My Race Bike
Painful. Dangerous. Frustrating. Exhilitarting. Exhausting. Blissful. Expensive. You can apply pretty much any adjective to the experience of cycling long distances, and that’s probably why I love the sport so much: it is rare to find activities that make you feel so alive.
If you talk to most avid cyclists, the conversation will quickly turn to gear, to tactics, to nutriton; cycling is a sport for nerds, one in which aderodynamics, strength-to-weight ratio and watts per kilogram are a standard part of the nomenclature. But cycling is a also a sport for those with mental fortitude, for when you are riding it is just you, your thoughts and the road; no one can push your pedals for you or make the miles tick away faster. Sure, you can draft off other riders or chat with them, but the high-mileage cyclist inevitably spends a lot of hours riding by him or herself with nothing but the next strip of road to focus on. When you are feeling well, it feels like you aren’t even pedaling, like there isn’t even a bicycle beneath you and that you are simpy floating across the terrain. On days when your legs are sore, you body or mind weary, every rotation of the pedals is a struggle.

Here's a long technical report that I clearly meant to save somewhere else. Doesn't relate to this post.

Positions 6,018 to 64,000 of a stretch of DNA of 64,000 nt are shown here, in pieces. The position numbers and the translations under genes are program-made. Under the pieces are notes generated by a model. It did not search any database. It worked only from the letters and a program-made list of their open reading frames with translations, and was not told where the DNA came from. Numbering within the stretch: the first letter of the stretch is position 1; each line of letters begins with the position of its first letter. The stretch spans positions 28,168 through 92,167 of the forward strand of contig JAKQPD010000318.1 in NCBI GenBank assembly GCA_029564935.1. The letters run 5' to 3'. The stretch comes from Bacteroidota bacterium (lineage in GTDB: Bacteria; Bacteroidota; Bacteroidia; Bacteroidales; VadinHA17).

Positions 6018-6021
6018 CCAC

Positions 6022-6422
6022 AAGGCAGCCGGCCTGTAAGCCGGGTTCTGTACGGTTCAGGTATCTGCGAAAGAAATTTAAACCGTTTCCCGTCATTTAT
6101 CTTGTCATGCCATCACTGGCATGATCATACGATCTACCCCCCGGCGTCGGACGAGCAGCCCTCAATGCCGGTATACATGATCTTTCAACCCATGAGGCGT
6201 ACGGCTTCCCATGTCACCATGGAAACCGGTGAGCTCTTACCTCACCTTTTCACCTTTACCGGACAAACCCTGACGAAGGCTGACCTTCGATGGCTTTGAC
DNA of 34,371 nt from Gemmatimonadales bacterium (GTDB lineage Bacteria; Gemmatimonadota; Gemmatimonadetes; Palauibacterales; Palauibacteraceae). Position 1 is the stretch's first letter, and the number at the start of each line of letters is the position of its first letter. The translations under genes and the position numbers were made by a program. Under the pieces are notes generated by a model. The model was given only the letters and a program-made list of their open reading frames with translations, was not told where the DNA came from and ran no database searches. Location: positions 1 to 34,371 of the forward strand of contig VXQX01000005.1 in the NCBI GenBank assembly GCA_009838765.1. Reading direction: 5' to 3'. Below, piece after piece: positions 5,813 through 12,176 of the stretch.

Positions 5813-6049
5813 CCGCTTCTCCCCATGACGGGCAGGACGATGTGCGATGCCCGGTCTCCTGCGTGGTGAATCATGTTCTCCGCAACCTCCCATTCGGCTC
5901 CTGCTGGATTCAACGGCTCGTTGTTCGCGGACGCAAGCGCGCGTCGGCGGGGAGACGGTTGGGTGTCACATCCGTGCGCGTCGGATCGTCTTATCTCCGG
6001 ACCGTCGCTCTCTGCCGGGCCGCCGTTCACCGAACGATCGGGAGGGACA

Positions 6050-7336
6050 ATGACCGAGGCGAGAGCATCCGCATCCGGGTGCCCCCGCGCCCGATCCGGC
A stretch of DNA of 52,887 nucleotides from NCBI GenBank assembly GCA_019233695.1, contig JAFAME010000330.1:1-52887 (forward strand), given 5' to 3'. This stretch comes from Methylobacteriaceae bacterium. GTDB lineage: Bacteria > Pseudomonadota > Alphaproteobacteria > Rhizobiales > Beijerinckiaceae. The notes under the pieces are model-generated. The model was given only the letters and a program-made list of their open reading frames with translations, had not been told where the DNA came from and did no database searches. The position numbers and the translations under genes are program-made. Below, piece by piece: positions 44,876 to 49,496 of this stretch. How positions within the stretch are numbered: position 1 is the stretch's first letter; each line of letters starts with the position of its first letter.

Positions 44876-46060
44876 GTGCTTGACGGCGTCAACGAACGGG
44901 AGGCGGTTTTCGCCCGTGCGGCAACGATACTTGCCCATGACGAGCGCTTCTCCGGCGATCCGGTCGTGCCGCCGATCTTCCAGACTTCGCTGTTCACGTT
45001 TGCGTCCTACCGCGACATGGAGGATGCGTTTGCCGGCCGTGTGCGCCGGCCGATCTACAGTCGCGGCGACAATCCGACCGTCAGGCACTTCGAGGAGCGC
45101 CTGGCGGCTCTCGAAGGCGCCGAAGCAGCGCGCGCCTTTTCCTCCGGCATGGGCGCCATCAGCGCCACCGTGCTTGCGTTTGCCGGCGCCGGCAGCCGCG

Either way, the ride is the ride, a panoply of human experience in motion. This morning I rode 34 miles and felt terrible, yet it was wonderful. Last Monday I rode 30 miles and felt fantastatic, yet it was wonderful. There have been times where I have approached heat exhaustion or frost bite, where the rain has pounded me into submission, or when the wind has whipped me into a fury of frustration. And still, every day I think about that feeling of freedom when you are on the road at 15 – 20 MPH, and suddenly all the other things go away, leaving you with the clarity that comes from a singular mission: pedal with your legs, change gears, and presto! Magic.